Different types learning can influence reorganization. Serial learning (sequential) differs from parallel learning (simultaneous) and it is noteworthy that the source of learning can be endogenous or exogenous, i.e., other jurisdictions or policy fields [35]. In addition, the concept of triple-loop learning allows identifying the level of learning, and thus the impact of learning on the SES reorganization [34]. Single-loop learning is incremental; it proceeds in the same pattern of SES dynamics (integrative-synchronous and entrepreneurial-synchronous regimes). Second-loop learning leads to question the cause–effect relationship between components of the SES (resilient-synchronous regime). Triple-loop learning is paradigmatic change and allows for deep transformation and reorganization of the SES toward a new equilibrium (transformative-synchronous regime). The challenge to reorganize an SES is to develop channels for triple-loop learning.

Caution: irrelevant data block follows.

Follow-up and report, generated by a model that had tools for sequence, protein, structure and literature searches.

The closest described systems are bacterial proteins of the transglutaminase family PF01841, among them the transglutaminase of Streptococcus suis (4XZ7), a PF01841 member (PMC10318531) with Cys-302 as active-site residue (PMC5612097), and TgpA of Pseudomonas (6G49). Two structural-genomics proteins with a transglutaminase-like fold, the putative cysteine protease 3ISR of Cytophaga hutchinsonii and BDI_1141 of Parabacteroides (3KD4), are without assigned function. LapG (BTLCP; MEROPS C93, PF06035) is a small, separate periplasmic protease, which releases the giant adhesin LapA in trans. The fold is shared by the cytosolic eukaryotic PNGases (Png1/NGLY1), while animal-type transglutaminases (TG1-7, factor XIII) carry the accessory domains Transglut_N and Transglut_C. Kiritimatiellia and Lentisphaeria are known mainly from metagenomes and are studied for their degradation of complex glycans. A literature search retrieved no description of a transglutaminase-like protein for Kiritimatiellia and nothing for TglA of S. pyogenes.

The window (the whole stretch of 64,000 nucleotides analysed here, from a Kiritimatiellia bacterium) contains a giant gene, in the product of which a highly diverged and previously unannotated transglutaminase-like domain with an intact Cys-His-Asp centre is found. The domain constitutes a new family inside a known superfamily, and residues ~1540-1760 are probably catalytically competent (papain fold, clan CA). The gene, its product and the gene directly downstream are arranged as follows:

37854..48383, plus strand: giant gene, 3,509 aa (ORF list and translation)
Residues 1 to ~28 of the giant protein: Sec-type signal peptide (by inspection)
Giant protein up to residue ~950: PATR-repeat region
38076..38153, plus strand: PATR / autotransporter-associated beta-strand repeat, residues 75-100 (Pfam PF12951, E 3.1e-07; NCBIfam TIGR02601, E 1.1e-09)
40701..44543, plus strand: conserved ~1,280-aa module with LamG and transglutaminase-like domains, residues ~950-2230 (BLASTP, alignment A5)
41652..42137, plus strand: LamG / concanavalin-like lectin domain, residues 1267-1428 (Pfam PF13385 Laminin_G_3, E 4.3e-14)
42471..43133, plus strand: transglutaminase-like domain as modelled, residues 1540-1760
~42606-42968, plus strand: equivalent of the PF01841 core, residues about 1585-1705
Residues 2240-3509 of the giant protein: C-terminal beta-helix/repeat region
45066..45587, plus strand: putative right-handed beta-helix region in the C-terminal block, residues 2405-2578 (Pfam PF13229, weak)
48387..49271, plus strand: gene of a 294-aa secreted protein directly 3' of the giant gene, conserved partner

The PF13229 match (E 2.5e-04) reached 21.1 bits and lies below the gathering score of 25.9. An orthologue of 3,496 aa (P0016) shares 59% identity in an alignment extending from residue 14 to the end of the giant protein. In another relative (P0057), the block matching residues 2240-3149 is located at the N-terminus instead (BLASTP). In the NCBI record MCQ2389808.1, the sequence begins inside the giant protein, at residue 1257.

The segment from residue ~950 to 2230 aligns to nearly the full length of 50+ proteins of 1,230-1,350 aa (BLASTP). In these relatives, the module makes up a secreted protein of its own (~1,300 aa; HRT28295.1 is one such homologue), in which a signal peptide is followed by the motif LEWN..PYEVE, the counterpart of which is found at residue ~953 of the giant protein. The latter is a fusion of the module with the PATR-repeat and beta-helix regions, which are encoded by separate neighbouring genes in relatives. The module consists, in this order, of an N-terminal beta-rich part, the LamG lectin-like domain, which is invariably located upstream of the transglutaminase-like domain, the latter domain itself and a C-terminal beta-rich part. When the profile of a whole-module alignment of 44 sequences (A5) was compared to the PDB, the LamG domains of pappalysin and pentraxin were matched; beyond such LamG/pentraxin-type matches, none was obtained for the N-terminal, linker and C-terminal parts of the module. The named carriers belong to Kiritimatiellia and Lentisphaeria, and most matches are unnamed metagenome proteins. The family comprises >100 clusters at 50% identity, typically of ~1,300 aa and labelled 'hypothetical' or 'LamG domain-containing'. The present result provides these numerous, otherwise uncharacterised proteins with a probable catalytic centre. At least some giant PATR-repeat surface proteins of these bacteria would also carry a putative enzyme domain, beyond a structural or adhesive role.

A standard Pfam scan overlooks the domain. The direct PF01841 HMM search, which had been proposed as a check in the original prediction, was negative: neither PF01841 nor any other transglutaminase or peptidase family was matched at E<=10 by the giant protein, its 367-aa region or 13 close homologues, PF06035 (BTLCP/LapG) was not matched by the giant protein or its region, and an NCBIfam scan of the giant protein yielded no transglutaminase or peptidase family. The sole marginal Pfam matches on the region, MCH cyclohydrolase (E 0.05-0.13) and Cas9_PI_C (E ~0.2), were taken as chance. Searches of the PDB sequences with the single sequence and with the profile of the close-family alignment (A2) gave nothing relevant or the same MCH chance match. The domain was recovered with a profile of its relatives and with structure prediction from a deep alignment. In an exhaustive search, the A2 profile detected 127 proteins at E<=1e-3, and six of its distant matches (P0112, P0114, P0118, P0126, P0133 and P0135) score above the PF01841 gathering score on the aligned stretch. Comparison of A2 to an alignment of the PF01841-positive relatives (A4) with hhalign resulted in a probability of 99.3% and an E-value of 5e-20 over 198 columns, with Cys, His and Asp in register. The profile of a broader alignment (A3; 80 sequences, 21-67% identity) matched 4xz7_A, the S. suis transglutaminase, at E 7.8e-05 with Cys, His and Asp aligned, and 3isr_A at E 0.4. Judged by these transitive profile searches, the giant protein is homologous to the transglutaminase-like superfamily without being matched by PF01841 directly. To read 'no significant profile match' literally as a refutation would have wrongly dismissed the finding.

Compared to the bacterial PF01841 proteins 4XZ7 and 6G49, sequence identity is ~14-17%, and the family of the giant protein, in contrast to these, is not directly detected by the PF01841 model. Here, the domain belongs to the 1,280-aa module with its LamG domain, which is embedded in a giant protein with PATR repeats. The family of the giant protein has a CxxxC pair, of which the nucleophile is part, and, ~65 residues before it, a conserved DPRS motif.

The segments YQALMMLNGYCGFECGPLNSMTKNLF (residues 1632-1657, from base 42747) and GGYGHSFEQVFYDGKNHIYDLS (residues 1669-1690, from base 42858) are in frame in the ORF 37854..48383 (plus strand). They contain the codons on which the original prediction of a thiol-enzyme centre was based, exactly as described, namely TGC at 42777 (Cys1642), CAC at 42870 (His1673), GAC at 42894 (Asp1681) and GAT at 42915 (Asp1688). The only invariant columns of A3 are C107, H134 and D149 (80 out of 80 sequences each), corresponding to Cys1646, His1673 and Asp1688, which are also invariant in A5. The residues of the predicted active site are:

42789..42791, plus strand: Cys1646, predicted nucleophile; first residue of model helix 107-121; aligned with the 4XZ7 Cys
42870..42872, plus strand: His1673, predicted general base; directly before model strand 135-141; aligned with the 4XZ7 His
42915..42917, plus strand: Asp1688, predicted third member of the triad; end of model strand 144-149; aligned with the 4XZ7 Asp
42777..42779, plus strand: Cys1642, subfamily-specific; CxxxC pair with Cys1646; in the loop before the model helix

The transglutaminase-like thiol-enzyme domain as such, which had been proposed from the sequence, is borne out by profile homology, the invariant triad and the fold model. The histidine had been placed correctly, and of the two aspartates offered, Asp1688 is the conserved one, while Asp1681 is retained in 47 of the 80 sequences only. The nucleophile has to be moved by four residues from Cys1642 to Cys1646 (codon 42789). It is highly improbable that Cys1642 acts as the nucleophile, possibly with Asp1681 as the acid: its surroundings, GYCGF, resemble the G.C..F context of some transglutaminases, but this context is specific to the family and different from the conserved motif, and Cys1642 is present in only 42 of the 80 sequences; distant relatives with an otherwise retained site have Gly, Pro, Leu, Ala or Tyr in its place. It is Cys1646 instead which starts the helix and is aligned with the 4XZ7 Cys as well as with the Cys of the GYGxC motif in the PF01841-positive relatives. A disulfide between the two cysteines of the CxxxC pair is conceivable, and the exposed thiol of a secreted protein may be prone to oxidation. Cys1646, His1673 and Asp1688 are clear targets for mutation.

Learning can support innovation in the SES as its implementation reorganizes the SES and proceeds through institutional crafting. Actors use the learning in problem-solving perspective to improve governance and decision-making [56,57,58]. Learning can result in a change of the structure of the linkages between resource uses and institutions. The network turns from a closed-loop—characterized by rigidity and institutional complexity traps—to more open ones [27,28,33] (“Characteristics of a rigid system include very few key nodes with a high concentration of influence, and low diversity both in nodes and pathways” ([27], p. 4)). Consequently, reorganization of an SES necessitates triple-loop learning in association with an opening of the network of uses, resources and institutions.